Motorcycle Stand Buyers Guide

Motorcycle Stand Buyers Guide
  • Pit Bull Motorcycle Stands
  • Woodcraft Motorcycle Stands

Don't Buy a Junk Motorcycle Stand if You Love Your Bike!

  • Junk bike stands suck
  • In my opinion, if you can rip a stand apart with your bare hands, it's junk. The stands ripped apart in this video were both in perfect working order before administering "scientific" tests on them. The first was a steel stand that bent with little effort. The second was an aluminum stand which literally tore apart with only reasonable force applied to it. If you can tear apart a rear stand with your bare hands, do you want it supporting your bike?

    Can't bend Pit Bull or Woodcraft Stands

    In the image above: Van applied an even greater effort to both the Pit Bull and Woodcraft Stands than that which was applied to the junk stands - which both failed. As expected, the Pitbull and Woodcraft stands both passed this test with flying colors (Red, White and Blue if you're curious).

The "Discovery Phase" of My Motorcycle Stand Project

  • Motorcycle Stands from Alibaba
  • During the "Discovery Phase" of my Motorcycle Stand Research Project, Video Steve unearthed something I personally found disturbing. In just a few minutes of searching, Steve was able to find what looked to be the same stands offered by many brands on the site. Apparently this site is a resource to buy dirt cheap products in bulk from manufacturers in China (possibly other places too, not sure, nor do I care). Most of the stands we see on the market today area available here with per unit costs as low as $15 each! In my opinion, it takes more to create a "Brand" than slapping a sticker on a piece of junk stand (remember this is my opinon supported by my "scientific" experiments) and selling it to motorcyle riders who are unaware of the differences between that product and a proper stand such as Pit Bull or Woodcraft. Do your own research! Do you know where your bike stands came from? Do you want $15 holding up your bike?

Just Because Something Looks The Same Doesn't Guarantee It Is

  • I decided to include a brand called Trackside in this experiment. It appears these are only available from Amazon and 2 retailers in our industry so they must be a private label product. After opening the box and inspecting the rear stand I have to admit it looked pretty good at first. The design is a close imitation to a Pit Bull, but that's where the simlarity ends. After inspecting the top supports (this is the part that comes in direct contact with the motorcycle) I felt the material thickness was insufficient and the welds were very poor, which could result in a failure. To illustrate this, please see the photo where I compare the Trackside support directly to a Pit Bull support. Pay close attention to the pitting in the weld area and the lighter gage materials. Would you trust this to hold your bike?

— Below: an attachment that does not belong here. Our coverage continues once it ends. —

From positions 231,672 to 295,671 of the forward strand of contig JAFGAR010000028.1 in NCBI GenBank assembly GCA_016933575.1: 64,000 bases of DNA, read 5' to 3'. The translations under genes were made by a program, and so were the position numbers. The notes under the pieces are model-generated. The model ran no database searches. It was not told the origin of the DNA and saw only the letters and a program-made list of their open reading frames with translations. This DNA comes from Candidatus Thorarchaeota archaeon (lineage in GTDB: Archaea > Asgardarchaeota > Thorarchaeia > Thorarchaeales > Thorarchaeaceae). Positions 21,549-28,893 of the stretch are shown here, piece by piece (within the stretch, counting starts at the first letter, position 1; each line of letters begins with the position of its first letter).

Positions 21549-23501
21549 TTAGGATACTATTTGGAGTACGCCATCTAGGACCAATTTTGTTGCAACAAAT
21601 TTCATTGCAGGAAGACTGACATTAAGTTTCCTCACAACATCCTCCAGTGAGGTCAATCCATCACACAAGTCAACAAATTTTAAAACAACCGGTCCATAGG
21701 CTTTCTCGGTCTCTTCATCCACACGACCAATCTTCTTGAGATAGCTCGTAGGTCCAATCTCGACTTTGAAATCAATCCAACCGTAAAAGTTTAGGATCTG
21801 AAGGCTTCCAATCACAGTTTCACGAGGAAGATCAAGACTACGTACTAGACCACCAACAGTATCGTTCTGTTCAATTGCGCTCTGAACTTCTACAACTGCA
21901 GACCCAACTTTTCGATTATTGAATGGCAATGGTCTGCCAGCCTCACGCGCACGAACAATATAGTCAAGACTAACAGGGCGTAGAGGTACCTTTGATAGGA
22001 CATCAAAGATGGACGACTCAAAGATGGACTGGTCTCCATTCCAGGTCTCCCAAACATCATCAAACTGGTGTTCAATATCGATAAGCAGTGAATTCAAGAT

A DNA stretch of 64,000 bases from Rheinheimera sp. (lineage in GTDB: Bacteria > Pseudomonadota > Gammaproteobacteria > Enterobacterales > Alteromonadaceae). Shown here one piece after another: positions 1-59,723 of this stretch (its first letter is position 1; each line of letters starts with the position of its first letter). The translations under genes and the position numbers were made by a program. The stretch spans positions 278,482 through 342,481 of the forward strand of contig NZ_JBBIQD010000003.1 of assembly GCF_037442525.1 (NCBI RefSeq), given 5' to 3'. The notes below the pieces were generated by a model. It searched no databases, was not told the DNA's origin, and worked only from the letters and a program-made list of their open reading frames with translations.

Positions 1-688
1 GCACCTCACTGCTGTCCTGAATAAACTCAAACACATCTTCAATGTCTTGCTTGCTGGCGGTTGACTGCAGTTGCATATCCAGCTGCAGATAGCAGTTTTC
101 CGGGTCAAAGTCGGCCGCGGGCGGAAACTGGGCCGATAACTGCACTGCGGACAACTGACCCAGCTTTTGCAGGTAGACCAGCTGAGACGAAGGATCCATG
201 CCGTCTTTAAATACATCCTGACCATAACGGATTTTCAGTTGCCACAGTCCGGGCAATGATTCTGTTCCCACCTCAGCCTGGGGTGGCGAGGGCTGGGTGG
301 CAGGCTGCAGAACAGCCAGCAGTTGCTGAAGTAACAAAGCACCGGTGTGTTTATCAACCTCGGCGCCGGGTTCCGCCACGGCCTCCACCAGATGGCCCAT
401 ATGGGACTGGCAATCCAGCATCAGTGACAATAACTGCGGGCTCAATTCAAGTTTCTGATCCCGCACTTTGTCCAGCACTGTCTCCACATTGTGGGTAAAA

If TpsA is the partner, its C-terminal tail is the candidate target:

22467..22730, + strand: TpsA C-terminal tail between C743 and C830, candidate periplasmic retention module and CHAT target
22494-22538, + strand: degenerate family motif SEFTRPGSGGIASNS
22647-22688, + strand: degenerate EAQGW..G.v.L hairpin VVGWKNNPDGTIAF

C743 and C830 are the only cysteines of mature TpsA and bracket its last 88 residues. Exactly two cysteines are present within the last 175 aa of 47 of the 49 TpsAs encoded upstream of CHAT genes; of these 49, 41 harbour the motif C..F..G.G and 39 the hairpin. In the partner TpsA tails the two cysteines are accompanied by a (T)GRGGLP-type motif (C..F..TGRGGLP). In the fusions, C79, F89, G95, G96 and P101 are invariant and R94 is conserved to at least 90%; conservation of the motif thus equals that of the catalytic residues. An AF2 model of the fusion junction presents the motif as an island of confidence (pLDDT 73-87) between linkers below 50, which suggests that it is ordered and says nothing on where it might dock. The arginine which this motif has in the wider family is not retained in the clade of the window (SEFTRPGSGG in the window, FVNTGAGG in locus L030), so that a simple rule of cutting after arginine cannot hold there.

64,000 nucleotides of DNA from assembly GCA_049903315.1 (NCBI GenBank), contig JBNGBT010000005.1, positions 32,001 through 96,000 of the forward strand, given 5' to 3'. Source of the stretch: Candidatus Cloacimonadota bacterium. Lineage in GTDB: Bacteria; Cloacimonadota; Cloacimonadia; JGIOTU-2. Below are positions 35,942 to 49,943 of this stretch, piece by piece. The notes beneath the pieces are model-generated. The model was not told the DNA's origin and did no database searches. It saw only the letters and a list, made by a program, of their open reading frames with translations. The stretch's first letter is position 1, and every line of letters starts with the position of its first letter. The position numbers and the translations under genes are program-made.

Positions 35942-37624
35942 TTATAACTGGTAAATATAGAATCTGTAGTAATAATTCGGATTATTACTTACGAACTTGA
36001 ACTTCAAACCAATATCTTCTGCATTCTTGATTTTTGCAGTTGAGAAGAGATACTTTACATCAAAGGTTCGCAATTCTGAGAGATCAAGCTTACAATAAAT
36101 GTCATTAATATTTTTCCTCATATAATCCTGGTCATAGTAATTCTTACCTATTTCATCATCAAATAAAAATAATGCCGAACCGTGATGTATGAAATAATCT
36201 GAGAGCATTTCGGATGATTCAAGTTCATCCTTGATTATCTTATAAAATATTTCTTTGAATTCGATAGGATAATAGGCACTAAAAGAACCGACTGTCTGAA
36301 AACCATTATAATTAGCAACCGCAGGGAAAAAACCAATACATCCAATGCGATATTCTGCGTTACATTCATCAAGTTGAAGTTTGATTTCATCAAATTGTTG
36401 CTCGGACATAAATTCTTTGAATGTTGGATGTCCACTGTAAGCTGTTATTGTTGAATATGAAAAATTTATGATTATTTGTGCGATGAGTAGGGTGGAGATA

• Comparing Trackside Stand support to a Pit Bull Support

Performance Is As Important As Strength And Quality

  • Trackside Front Stand
  • The main frame tubing on the Trackside front stand is fairly sturdy, in my opinion. It wasn't until I inspected the stands more closely that I discovered other areas where the stands are deficient. While strength and quality are both important qualities to look for in your next motorcycle stand, overall performance is also important. The Trackside stand requires a ton of effort to lift the bike when compared to the Pit Bull and Woodcraft front stands. In my opinon, the effort it requires is overly excessive, and would not be something I would look forward to after a session on the track. Another issue I had with this stand was the stability of the bike once it was lifted. I felt the bike was far less stable compared to when it was securely resting on the Pit Bull or Woodcraft. In the video, you can see how the pads engage with the forks. Do you think there is enough contact with the bike's forks?

Van's Closing Thoughts "Dont Buy A Junk Stand!"

  • Buy a quality motorcycle stand
  • My goal with this is to share some of the things I have learned over many years of riding and racing. On the surface it may seem like a good idea to save a few dollars on a motorcycle stand (I made the same mistake myself many years back) because there are so many things a rider needs to support their addiction. I am sure that there are many riders who have used inexpensive stands and never had an issue. That said, I also know for a fact that there are tons of riders who have had a bike fall from a junk stand. When this happens, most will replace the junk stand with a Pit Bull or Woodcraft and add that cost to the repair bill from the drop. So, final question: are you really saving money buying a cheap stand if it leads to repair bills and replacement stands?

    Pit Bull and Woodcraft are both US compaines that engineer and manufacture their products in the U.S.A. When you buy one of their products you get a great product (most important reason to buy) and support a company that has brought many innovations to our sport, improving it for everyone. I am proud to offer both Pit Bull and Woodcraft products here at STG, not to mention using them on my own bikes.

    - Brian Van Owner and Founder STG